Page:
## The "Maths Labs"
The use of
But we gradually became aware of a problem with this approach. Based on observations of the materials in use, and our reading in the educational research literature, we began to have doubts about whether an approach based exclusively on "learn, then apply" was the best we could do. Students find transferring knowledge from one area to another notoriously difficult, and although "learn, then apply" is valuable in higher education, indeed probably indispensable, we felt it was legitimate to wonder whether it was enough on its own. We began to look for ways of building in explicit links between mathematics and chemistry right from the start of the course, and we became convinced that Briefly put, our idea was this. Explicitly linking mathematics and chemistry as you go along is difficult in general, because first-year students at the start of their courses rarely know enough mathematics for the exercise to be meaningful, and if they are restricted to trivial and contrived chemistry problems, the point is lost. However, if the students have at their disposal powerful mathematical software, then it is possible to give them access to problems of more intrinsic interest to the would-be chemist. In this paper, I report on our experience with the Mathematics Laboratories we have been running with this aim in mind. The term Mathematics Laboratory was one we coined early on, but with hindsight one can see that it was something of a misnomer five years ago. Then, it was simply meant to suggest an approach to teaching that encouraged students to pose and to test conjectures. The usage has grown more apt with time, though, as we have introduced a measure of explicit scientific content into the first-year mathematics course in chemistry. For an important part of their time on the course, students work on problems that genuinely belong to the field of physical chemistry, but they bring mathematical and computational tools to bear on them.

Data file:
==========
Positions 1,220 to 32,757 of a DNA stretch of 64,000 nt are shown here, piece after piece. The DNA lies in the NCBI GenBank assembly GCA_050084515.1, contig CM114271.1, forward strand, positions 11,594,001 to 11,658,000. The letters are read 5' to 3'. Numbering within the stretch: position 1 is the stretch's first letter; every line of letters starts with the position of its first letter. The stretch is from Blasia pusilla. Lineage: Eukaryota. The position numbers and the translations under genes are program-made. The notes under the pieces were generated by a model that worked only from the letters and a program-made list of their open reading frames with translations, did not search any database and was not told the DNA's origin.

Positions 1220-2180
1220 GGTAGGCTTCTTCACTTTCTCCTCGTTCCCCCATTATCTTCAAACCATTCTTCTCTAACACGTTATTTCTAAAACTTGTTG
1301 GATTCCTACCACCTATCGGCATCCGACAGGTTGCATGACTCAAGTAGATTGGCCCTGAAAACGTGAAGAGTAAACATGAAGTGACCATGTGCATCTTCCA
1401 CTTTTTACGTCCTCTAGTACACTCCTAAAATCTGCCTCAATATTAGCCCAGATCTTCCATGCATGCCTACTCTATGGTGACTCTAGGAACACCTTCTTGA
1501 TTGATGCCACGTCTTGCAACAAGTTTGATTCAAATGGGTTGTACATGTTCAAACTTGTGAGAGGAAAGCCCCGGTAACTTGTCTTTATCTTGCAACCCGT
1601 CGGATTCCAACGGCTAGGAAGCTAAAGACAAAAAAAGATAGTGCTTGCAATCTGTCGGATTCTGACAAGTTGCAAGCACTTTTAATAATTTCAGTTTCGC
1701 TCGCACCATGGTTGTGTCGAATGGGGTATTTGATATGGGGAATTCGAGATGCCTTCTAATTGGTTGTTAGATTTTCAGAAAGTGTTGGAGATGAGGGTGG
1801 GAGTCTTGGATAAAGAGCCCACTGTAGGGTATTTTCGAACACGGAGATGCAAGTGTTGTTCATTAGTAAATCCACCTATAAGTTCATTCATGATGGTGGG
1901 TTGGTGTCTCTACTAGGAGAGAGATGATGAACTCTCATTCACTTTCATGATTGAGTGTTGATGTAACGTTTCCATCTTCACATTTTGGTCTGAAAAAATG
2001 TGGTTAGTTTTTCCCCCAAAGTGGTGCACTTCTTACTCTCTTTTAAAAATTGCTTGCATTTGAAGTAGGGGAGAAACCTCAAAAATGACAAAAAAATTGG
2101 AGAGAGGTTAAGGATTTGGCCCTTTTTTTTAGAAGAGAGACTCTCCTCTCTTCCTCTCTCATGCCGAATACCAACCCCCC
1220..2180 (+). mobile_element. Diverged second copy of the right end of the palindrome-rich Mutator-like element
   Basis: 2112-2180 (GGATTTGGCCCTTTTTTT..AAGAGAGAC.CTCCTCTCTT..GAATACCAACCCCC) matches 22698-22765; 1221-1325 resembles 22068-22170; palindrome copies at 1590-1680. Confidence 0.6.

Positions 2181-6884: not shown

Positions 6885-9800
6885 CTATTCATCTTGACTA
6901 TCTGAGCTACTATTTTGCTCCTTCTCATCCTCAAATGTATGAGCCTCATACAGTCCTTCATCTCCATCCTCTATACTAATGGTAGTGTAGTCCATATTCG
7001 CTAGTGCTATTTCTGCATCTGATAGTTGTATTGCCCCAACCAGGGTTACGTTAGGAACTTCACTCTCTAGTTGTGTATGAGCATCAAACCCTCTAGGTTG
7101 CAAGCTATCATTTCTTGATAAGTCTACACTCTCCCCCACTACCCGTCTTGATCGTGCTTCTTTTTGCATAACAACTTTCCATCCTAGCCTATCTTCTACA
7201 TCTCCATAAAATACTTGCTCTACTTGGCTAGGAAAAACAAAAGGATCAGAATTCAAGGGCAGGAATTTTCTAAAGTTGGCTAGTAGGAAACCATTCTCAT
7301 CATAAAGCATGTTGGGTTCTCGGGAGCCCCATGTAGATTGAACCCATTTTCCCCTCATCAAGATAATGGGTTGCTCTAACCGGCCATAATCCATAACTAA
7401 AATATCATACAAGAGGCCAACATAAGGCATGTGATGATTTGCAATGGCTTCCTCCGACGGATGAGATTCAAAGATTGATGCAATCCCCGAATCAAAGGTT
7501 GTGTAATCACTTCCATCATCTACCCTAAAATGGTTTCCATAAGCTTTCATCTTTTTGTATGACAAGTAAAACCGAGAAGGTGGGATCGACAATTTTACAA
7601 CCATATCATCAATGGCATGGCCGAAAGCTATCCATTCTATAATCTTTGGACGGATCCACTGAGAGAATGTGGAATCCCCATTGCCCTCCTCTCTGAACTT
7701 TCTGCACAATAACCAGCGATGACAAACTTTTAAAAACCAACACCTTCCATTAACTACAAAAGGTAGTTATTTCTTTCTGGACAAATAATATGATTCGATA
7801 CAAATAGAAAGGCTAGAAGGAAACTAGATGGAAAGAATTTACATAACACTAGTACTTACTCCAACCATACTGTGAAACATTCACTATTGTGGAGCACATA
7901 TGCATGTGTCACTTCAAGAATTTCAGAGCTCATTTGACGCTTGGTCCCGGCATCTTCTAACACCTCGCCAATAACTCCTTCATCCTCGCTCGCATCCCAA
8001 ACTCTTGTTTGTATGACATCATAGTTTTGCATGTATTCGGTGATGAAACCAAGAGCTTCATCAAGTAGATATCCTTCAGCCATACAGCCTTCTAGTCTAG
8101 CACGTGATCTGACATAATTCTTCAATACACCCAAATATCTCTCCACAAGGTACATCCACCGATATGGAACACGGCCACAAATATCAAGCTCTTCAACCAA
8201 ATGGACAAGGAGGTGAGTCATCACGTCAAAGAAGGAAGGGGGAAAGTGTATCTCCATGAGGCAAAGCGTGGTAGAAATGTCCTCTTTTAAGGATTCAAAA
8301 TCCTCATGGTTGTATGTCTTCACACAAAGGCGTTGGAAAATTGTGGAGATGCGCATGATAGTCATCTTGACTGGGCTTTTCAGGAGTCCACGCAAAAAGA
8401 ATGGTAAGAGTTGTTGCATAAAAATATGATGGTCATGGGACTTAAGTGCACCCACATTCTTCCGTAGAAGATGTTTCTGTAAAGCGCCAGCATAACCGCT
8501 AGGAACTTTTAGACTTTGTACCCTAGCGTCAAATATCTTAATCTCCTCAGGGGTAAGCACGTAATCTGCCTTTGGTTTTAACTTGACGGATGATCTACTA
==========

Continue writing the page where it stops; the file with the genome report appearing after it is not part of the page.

Actually, various kinds of activity go on in the Maths Labs: learning how to use Converted by Mathematica
September 30, 1999
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